The story of the hedgehog and the fox, originally conceived in ancient Greece and popularized in the 1950s by philosopher Isaiah Berlin, figures prominently in the business canon as a parable of depth vs. breadth. The most popular version of the tale involves a hungry, wily fox and a slow, simple hedgehog. One expects the fox to devour his prey. But the hedgehog regularly evades death by freezing in place, forming into a ball of unappetizing spikes, too painful a prospect for even the hungriest of foxes. The hedgehog's ability to "know one thing well" prevails over the fox's assiduous advances.
The hedgehog/fox imagery figures prominently in Jim Collins' renowned book, Good to Great, in which Collins gives us The Hedgehog Principle, the notion that great leaders have the ability to discern and relentlessly pursue the one thing that they can be "best in the world at." Adopted in boardrooms and C-suites far and wide, the "What's our Hedgehog" question became a defining agenda item for a generation of corporate leaders pursuing the Grail of Greatness. In hindsight, this was a one-dimensional take on greatness, lacking as it did elements of social responsibility, corporate citizenship and ecological stewardship. Collins' greatness mainly served as a proxy for the other G-word: Growth ... unchecked, metastatic shareholder growth. Meanwhile, and not coincidentally, the furry mammals glorified for their "principles" remained sidelined and left to struggle with the consequences.
In truth there is not a hedgehog on earth that wakes up and exclaims, "I'm going to be great at one thing today." And the hedgehog's purported nemesis, the fox, can hardly be reduced to an anthropomorphized version of the modern-day rapid prototyper. But this does not mean that these animals lack intelligence. To the contrary, plenty of applicable and relevant business counsel exists just outside the boardroom door, if we are willing and wise enough to look. But this requires a shift in orientation in how we view nature. In short, nature cannot be viewed as a warehouse, there for us to pilfer in life and parody in literature. It must be seen as a major wellspring of wisdom, a time-tested model for positive change, and a force that emerges because of, rather than in spite of, human intellect and instinct.
If we take the time to look, we realize that nature provides us with a time-tested R&D lab for re-imagined industry and its contributing forces. The natural world has already mastered renewable energy use, closed production cycles, collaborative networks, sustainable materials, and green chemistry. Underlying these proven successes are principles far more sophisticated than that of Collins' cartoon critter, including rampant resource efficiency, real-time responsiveness, and systems intelligence, among others. These principles enable entire natural "economies" to be not merely productive but resilient and regenerative. In the natural world, the unbridled success trajectory loses relevance. There is no surge toward greatness, no single-minded "hockey stick." In its place, and thank goodness for it, is the slow, barely perceptible spiral of life returning life to itself.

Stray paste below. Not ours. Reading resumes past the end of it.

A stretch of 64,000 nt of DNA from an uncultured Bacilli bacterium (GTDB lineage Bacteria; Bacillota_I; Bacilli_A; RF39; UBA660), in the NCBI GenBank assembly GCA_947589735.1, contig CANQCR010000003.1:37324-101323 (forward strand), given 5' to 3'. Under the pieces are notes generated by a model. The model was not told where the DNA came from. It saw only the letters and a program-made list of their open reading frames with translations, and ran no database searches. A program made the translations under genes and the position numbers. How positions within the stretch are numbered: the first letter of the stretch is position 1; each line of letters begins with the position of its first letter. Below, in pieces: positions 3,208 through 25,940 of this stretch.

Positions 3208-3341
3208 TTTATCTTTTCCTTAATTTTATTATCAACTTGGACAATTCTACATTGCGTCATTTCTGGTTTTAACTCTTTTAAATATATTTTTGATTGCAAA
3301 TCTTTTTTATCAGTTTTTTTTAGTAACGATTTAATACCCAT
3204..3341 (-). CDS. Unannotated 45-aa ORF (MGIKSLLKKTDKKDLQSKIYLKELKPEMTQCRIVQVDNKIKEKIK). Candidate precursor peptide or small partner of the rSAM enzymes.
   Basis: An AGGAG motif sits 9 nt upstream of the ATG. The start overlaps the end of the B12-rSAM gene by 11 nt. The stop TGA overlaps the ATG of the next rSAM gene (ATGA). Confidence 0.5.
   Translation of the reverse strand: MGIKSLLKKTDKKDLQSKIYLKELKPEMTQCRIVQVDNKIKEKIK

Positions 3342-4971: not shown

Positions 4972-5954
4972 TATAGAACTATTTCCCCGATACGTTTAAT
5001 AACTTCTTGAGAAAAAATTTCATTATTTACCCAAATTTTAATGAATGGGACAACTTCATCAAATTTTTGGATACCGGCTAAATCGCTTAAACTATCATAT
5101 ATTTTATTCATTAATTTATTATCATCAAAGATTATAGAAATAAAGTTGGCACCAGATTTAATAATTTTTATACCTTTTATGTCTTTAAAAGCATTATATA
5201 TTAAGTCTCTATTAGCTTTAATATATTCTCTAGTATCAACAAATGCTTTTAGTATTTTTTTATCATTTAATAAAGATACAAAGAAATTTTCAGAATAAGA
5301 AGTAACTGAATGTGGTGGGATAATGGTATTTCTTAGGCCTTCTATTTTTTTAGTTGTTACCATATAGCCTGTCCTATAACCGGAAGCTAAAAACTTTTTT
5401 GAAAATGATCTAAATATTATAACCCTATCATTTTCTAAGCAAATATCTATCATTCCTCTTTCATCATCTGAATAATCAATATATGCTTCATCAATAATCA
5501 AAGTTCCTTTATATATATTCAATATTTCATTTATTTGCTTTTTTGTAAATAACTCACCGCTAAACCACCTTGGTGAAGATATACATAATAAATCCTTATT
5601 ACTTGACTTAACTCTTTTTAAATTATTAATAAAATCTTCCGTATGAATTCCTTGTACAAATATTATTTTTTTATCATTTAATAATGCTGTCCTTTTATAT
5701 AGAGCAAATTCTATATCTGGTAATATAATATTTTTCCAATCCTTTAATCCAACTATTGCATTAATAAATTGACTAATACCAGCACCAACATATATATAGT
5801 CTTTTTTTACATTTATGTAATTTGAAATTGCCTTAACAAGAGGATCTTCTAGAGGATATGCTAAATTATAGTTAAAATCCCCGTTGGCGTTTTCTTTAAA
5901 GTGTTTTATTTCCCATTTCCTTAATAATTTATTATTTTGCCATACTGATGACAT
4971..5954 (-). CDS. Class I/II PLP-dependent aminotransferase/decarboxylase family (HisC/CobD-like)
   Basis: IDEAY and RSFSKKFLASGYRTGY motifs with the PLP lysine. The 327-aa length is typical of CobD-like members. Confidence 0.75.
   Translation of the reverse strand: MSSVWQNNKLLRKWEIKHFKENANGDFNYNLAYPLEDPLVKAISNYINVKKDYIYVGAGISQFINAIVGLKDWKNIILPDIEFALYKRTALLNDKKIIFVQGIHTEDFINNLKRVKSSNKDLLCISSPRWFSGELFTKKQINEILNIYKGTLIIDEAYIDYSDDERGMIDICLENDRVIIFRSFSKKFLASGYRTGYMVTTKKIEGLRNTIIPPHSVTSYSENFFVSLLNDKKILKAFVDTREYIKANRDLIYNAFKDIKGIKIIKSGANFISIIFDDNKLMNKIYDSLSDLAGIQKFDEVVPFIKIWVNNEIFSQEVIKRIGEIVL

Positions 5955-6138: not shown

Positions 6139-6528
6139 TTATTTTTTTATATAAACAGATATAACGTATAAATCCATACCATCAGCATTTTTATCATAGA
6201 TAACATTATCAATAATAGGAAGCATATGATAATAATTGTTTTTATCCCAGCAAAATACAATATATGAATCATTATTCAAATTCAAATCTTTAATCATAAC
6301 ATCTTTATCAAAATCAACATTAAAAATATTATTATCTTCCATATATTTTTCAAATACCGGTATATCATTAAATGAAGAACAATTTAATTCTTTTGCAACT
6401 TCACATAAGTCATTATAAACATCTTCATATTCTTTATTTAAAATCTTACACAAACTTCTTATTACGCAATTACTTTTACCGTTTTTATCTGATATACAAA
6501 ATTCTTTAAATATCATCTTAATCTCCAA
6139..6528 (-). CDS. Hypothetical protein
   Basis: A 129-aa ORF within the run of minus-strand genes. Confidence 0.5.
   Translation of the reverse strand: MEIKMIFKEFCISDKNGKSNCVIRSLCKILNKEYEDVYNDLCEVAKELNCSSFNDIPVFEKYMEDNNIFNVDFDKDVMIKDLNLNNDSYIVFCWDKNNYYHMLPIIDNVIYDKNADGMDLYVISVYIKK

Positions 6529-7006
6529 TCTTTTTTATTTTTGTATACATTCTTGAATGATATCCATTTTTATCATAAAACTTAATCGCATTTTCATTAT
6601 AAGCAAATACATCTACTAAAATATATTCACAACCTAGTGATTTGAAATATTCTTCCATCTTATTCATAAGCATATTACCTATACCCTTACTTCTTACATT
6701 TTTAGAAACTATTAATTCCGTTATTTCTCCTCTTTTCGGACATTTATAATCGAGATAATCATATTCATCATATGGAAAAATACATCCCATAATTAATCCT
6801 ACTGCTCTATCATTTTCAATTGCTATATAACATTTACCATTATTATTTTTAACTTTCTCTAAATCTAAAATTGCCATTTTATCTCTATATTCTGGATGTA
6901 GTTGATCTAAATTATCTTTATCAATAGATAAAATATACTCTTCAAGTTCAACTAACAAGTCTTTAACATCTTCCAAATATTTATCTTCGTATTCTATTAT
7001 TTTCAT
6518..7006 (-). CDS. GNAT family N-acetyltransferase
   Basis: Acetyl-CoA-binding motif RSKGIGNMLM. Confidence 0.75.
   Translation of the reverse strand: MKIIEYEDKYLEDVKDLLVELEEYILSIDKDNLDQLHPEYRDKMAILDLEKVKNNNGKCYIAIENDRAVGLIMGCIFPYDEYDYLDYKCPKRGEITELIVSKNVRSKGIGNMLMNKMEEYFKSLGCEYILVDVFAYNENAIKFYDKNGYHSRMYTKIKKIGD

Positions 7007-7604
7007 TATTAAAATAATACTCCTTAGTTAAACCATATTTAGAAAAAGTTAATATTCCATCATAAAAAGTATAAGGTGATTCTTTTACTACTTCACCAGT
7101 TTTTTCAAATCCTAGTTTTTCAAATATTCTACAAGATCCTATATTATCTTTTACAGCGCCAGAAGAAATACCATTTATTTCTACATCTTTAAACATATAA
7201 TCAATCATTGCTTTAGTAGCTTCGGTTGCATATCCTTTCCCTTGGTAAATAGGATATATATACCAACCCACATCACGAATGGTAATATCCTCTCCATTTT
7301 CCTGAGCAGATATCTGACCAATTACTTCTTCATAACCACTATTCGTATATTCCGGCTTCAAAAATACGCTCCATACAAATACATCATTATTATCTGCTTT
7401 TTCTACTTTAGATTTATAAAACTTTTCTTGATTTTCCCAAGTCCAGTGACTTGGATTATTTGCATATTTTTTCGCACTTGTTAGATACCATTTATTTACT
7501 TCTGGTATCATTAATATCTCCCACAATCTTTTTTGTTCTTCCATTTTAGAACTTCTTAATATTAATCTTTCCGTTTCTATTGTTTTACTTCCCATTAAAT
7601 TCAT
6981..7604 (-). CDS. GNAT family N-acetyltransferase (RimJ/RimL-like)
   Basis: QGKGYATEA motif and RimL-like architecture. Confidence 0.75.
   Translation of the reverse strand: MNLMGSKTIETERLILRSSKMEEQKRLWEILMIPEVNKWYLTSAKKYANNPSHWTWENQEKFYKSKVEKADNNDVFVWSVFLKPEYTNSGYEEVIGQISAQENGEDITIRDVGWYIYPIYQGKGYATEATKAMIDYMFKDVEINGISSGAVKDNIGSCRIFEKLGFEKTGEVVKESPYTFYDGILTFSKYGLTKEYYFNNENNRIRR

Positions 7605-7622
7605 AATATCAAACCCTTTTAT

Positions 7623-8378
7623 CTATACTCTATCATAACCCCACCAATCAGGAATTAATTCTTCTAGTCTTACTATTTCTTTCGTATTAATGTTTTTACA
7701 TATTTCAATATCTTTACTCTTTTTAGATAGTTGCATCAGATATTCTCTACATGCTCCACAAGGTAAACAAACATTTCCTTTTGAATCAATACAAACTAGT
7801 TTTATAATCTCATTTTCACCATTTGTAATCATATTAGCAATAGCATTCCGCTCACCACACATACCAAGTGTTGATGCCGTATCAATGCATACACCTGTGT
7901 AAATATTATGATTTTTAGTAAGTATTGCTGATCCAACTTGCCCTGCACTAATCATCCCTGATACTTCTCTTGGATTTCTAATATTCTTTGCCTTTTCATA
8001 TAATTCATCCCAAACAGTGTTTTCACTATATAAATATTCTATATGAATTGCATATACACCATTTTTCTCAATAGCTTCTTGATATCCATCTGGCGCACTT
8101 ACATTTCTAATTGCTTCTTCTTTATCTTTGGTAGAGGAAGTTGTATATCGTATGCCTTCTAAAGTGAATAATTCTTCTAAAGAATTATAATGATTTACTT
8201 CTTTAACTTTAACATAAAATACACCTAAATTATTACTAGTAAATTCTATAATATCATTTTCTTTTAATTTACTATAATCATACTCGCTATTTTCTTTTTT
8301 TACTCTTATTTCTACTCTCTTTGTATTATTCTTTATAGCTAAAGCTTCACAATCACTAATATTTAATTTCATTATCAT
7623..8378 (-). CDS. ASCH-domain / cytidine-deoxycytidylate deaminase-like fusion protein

Let's take a closer look at a real hedgehog and fox in order to evolve our business intelligence. First we must expand our view beyond the predator-prey pairing upon which the famous parable is based. This antagonism is in fact a perilous over-simplification of how life works. In reality, the hedgehog and the fox are engaged players in a "food web" that involves not only our proverbial twosome but other characters as well: let's say sparrowhawks, thrushes, greenflies, snails, dandelions and earthworms. In a food web, organisms work together to manufacture, consume, dismantle and then redeploy forms of energy in repeating cycles.
The hedgehog and the fox are competitors at times, just as we commonly see ourselves in business. But they are also intertwined and interdependent members of a wider generative system, just as we are beginning to imagine in the emerging economy. Within a food web, be it ecological or industrial, members of the system occupy different "trophic" levels, as producers, consumers and upcyclers of materials and energy. No food "chains" here, only interdependent and interactive networks. No "raw" materials either, but repurposed ones. And so, on our brief walk outside the office complex, into the habitat of actual hedgehogs and foxes, we dispel yet another myth and discover in its place an empowering truth: Natural production happens in clean cycles, not linear chains, and upcyclers — in collaboration with producers and consumers — play a fundamental role in the economy of life.
The stories that we tell ourselves have tremendous power. As long as we tell tales of one-trick hedgehogs, we will have myopic businesses. As long as we talk about one-way food chains, we will waste and exploit our resources. Our increasingly interdependent economy will require much more of us, and so should the metaphors, mentors and models for our inspiration. The authors and aspirants making claims on greatness would do well to approach our natural world with humility, curiosity, even awe. Only when we see nature for what it truly is — a complex, adaptive, interdependent system — and only when we step into our role as intentional, integrated members of that system, as connected to beehives as we are to business plans, will we fully realize our potential for greatness. Perhaps, in the process, we'll evolve beyond the notion entirely.